Shipments abroad of Food & Kindred goods moved up 1.0% to $2.28 billion from $2.26 billion. Exports of Electrical Equipment and Appliances grew by 5.7% to $1.85 billion from $1.75 billion. Exports of Fabricated Metal Products were up by 1.6% to $1.06 billion from $1.04 billion. Exports of Petroleum and Coal Products surged by 106.0% to $1.24 billion from $601 million. Waste & Scrap exports jumped by 35.5% to $1.19 billion from $875 million. 

On the downside, the state’s exports of Transportation Equipment (automobiles, trucks, trains, boats, airplanes, and their parts) were down by 7.3% to $4.72 billion from $5.09 billion. Shipments of Miscellaneous Manufactured Commodities (a catchall category of merchandise ranging from medical equipment to sporting goods) fell by 6.0% to $3.50 billion from $3.72 billion. 

Agricultural exports edged lower by 1.5% to $4.14 billion from $4.20 billion, and exports of Primary Metal Manufacturing products tumbled by 23.8% to $822 million from $1.08 billion.

Mexico handily kept its position atop the list of California’s most important export destinations during the latest three-month period. Shipments south of the border grew by 7.9% to $7.21 billion from $6.68 billion. Canada was the state’s second largest export market, growing 6.0% to $4.50 billion from $4.25 billion. Exports to China rose 9.4% to $4.05 billion from $3.70 billion. In fourth place was Japan, which imported $4.05 billion worth of California goods, an increase of just 0.9% from $3.16 billion during the same period a year earlier. Hong Kong (down 1.5% to $3.01 billion from $3.06 billion) rounded out California’s Top Five export destinations during the latest three-month period.

The state’s export trade with the economies of East Asia edged up by a mere 0.6% to $16.01 billion from $15.91 billion.  By contrast, California’s exports to the European Union rose by 7.2% to $7.99 billion from $7.45 billion.

Mexico and Canada, America’s partners in the North American Free Trade Area, alone accounted for 26.4% of California’s merchandise export trade in the latest three-month period, up from 25.3% one year earlier.

Mode of Transport
During the most recent three months, 46.3% of the state’s $44.34 billion merchandise export trade went by air, while waterborne transport carried 30.4% of the outbound trade. The balance of exports travelled overland to Canada and Mexico.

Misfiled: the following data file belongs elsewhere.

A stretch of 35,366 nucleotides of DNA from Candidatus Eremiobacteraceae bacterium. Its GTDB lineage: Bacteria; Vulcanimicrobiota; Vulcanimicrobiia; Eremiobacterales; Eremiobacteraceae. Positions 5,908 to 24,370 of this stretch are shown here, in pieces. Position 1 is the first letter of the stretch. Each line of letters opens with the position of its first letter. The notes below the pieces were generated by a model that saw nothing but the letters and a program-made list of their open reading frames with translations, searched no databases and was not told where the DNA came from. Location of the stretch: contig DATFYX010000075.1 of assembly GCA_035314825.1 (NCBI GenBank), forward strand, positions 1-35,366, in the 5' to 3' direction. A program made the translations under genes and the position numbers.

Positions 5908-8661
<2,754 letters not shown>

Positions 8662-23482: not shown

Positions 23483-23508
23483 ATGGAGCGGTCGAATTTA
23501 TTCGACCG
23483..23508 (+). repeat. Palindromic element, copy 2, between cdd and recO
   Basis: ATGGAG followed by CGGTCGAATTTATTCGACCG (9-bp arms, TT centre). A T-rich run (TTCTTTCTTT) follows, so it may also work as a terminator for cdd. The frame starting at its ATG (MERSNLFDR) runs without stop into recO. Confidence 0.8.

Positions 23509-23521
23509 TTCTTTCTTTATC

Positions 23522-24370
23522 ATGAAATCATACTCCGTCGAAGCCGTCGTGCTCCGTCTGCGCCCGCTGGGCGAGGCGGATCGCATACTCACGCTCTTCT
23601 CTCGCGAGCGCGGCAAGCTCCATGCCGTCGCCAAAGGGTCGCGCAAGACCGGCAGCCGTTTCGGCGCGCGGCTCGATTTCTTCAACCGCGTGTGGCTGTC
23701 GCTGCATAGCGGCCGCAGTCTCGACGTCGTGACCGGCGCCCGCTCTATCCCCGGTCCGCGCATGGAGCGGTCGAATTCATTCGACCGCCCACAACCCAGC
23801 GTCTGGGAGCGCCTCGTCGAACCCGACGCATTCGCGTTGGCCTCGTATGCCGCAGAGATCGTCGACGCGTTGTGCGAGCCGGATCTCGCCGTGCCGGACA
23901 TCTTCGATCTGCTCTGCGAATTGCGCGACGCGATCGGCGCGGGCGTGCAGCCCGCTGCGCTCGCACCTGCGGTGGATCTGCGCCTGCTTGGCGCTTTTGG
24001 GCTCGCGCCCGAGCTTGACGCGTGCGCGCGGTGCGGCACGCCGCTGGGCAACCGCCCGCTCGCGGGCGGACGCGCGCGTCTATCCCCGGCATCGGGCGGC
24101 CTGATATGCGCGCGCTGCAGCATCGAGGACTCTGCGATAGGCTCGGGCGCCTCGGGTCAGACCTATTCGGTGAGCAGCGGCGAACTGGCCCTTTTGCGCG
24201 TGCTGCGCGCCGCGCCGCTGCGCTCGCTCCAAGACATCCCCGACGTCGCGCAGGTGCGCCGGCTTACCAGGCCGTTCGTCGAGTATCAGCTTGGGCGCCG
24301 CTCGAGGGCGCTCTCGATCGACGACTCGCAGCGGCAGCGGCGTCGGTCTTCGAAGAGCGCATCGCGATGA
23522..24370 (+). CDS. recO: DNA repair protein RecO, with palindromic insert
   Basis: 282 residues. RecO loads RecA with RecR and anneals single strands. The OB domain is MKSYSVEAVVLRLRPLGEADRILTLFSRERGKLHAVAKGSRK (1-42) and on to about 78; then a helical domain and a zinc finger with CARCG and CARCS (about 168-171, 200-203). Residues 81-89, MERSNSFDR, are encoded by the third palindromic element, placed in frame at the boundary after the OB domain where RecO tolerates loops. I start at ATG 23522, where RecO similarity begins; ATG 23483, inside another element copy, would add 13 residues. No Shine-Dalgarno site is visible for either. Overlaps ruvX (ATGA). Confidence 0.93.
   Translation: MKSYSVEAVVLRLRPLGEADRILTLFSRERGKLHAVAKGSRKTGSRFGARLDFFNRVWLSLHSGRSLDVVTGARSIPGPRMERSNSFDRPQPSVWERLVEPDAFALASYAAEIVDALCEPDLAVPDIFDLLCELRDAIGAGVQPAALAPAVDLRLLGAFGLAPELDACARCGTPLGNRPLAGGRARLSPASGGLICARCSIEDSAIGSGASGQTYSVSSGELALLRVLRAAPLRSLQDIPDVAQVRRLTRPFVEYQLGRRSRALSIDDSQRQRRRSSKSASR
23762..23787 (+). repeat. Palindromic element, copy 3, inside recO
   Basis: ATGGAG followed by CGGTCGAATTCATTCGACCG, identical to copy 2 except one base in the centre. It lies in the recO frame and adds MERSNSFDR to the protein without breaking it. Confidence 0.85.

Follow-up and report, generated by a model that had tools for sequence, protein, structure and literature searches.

The Outlook
In Beacon Economics’ estimation, the near-term outlook for California’s exporters remains generally upbeat, if only because global economic fundamentals continue to appear so encouraging. Moreover, the dollar that has weakened steadily throughout 2017 should continue to prove advantageous to the state’s exporters.

It is on the policymaking front that trading conditions risk deteriorating, possibly abruptly. President Trump continues to inveigh against the terms of the North American Free Trade Agreement (NATO) despite ample evidence that a breech in our economic ties with Canada and Mexico would be harmful to a range of U.S. industries from agriculture to auto manufacturing. As the data cited above emphasize, California’s exporters are especially reliant on customers both north and south of the border.

Note: The U.S. Commerce Department has been publishing state-of-destination import statistics since 2008. Beacon Economics has long felt that state import data provide a highly misleading indication of the state in which imported goods were ultimately consumed. As a major gateway for the nation’s foreign trade, California has consistently been credited with an out-sized share of U.S. merchandise imports. However, we now believe that the process by which state-of-destination import statistics are compiled has become stable enough to be used to measure relative increases or decreases in the value of imported goods consumed or otherwise used by residents or businesses located in California. We emphasize that we are primarily interested in determining trends. We continue to think it highly inadvisable to combine state export and import statistics to calculate a state trade balance.